• Search Google Scholar
    • Export Citation
  • 7.

    Cortes JE, Hochhaus A, Kim DW et al. . Four-year (yr) follow-up of patients (pts) with newly diagnosed chronic myeloid leukemia in chronic phase (CML-CP) receiving dasatinib or imatinib: efficacy based on early response [abstract]. Blood 2013;122:Abstract 653.

    • Search Google Scholar
    • Export Citation
  • 8.

    Larson R, Kim DW, Jooter S et al. . ENESTnd 5 year update: long term outcomes of patients with chronic myeloid leukemia in chronic phase treated with front line nilotinib versus imatinib [abstract]. J Clin Oncol 2014;32(Suppl):Abstract 7073.

    • Search Google Scholar
    • Export Citation
  • 9.

    Soverini S, Colarossi S, Gnani A et al. . Contribution of ABL kinase domain mutations to imatinib resistance in different subsets of Philadelphia chromosome positive patients: the GIMEMA Working Party On Chronic Myeloid Leukemia. Clin Cancer Res 2006;12:73747379.

    • Search Google Scholar
    • Export Citation
  • 10.

    Ernst T, La Rosee P, Muller NC et al. . BCR-ABL mutations in chronic myeloid leukemia. Hematol Oncol Clin North Am 2011;25:9971008.

  • 11.

    Hochhaus A, La Rosee P, Muller MC et al. . Impact of BCR-ABL mutations on patients with chronic myeloid leukemia. Cell Cycle 2011;10:250260.

  • 12.

    Nicolini FE, Mauro MJ, Martinelli G et al. . Epidemiologic study on survival of chronic myeloid leukemia and Ph+ acute lymphoblastic leukemia patients with BCR-ABL T315I mutation. Blood 2009;114:52715278.

    • Search Google Scholar
    • Export Citation
  • 13.

    Nager B, Bonmann WG, Pellicena P et al. . Crystal structure of the kinase domain of c-Abl in complex with the small molecule inhibitors PD73955 and imatinib (STi-571). Cancer Res 2002;62:42364243.

    • Search Google Scholar
    • Export Citation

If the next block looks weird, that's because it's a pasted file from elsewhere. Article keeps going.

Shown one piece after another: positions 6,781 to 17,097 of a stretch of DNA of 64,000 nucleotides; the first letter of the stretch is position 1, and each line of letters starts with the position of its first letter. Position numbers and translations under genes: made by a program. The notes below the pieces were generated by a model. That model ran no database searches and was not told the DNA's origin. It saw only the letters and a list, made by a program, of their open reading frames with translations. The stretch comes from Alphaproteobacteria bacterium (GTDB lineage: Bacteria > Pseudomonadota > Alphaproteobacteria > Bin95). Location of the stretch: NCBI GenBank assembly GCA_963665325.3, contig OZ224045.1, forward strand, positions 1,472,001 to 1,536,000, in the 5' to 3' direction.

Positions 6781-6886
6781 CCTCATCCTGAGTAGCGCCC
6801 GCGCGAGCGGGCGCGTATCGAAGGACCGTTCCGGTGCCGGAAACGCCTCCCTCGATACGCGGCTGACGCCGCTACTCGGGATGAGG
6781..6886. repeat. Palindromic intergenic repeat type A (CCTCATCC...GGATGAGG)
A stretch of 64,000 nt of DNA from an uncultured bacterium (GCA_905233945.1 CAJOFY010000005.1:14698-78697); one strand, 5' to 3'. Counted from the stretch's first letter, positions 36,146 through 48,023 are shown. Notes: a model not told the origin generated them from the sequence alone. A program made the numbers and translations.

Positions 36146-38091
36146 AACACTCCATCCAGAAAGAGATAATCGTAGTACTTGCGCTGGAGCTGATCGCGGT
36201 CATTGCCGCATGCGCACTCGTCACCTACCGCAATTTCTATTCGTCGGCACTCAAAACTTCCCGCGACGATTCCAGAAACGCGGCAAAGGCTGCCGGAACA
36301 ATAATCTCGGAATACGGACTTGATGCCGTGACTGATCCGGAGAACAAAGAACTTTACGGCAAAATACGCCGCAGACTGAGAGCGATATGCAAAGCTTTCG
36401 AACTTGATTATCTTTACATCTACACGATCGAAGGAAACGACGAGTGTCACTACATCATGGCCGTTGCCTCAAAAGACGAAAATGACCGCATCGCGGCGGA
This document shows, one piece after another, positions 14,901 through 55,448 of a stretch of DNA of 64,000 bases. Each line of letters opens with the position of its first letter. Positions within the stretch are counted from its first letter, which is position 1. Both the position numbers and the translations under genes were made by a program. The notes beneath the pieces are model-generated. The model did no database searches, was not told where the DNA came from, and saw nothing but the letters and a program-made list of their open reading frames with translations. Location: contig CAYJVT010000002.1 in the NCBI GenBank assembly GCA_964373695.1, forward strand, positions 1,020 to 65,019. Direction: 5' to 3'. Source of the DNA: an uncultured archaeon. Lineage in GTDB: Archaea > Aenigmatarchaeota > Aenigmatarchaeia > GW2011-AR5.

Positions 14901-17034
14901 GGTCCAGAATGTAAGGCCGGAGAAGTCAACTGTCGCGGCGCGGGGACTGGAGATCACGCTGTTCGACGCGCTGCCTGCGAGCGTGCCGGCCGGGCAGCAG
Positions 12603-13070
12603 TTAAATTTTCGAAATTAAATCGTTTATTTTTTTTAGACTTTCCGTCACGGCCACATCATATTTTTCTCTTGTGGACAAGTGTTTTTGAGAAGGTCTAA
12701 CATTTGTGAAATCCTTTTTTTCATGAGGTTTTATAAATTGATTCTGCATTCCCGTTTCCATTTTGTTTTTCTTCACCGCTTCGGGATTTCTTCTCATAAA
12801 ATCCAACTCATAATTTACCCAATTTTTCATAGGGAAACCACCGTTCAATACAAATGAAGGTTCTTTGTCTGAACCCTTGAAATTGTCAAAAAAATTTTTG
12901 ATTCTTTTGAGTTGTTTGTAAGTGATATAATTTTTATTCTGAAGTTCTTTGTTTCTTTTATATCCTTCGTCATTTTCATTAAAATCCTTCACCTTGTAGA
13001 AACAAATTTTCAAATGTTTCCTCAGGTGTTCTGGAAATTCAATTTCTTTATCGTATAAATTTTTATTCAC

• 14.

    Weisberg E, Manley PW, Breitenstein W et al. . Characterization of AMN107, a selective inhibitor of native and mutant Bcr-Abl. Cancer Cell 2005;7:129141.

    • Search Google Scholar
    • Export Citation
  • 15.

    Nicolini FE, Mauro MJ, Martinelli G et al. . Epidemiologic study on survival of chronic myeloid leukemia and Ph(+) acute lymphoblastic leukemia patients with BCR-ABL T315I mutation. Blood 2009;114:52715278.

    • Search Google Scholar
    • Export Citation
  • 16.

    O’Hare T, Shakespeare WC, Zhu X et al. . Ponatinib- a step forward in overcoming resistance in chronic myeloid leukemia. Cancer Cell 2009;16:410412.

    • Search Google Scholar
    • Export Citation
  • 17.

    Cortes JE, Kim DW, Pinalla-Ibarz J et al. . Ponatinib in patients with CML and Ph+ ALL resistant or intolerant to dasatinib or nilotinib, or with the T315I BCR-ABL mutation: 2-year follow-up of the PACE trial [abstract]. Blood 2013;122:Abstract 650.

    • Search Google Scholar
    • Export Citation
  • 18.

    Hochhaus A, Pinella-Ibarez J, Kim DQ et al. . Clinical impact of dose modification and dose intensity on response to ponatinib in patients with Philadelphia chromosome positive leukemias [abstract]. Blood 2013;122:Abstract 4007.

    • Search Google Scholar
    • Export Citation
  • 19.

    Iclusig [package insert]. Cambridge, MA: ARIAD Pharmaceuticals; 2013.

  • 20.

    Lipton JH, Bryden P, Sidhu MK et al. . Comparative effects of treatment for chronic phase chronic myeloid leukemia patients after failure of 2nd generation tyrosine kinase inhibitors [abstract]. Blood 2013;122:Abstract 4010.

    • Search Google Scholar
    • Export Citation
  • 21.

    Van Berlo JH, Kanisicak O, Maillet M et al. . c-kit+ cells minimally contribute cardiomyocytes to the heart. Nature 2014;509:337341.

  • 22.

    Vantler M, Karikkineth BC, Naito H et al. . PDGF-BB protects cardiomyocytes from apoptosis and improves contractile function of engineered heart tissue. J Mol Cell Cardiol 2010;48:13161323.

    • Search Google Scholar
    • Export Citation
  • 23.

    Battegay EJ, Rupp J, Iruela-Arispe L et al. . PDGF-BB modulates endothelial proliferation and angiogenesis in vitro via PDGF beta-receptors. J Cell Biol 1994;125:917928.

    • Search Google Scholar
    • Export Citation
All Time Past Year Past 30 Days
Abstract Views 0 0 0
Full Text Views 154 24 0
PDF Downloads 46 20 0
EPUB Downloads 0 0 0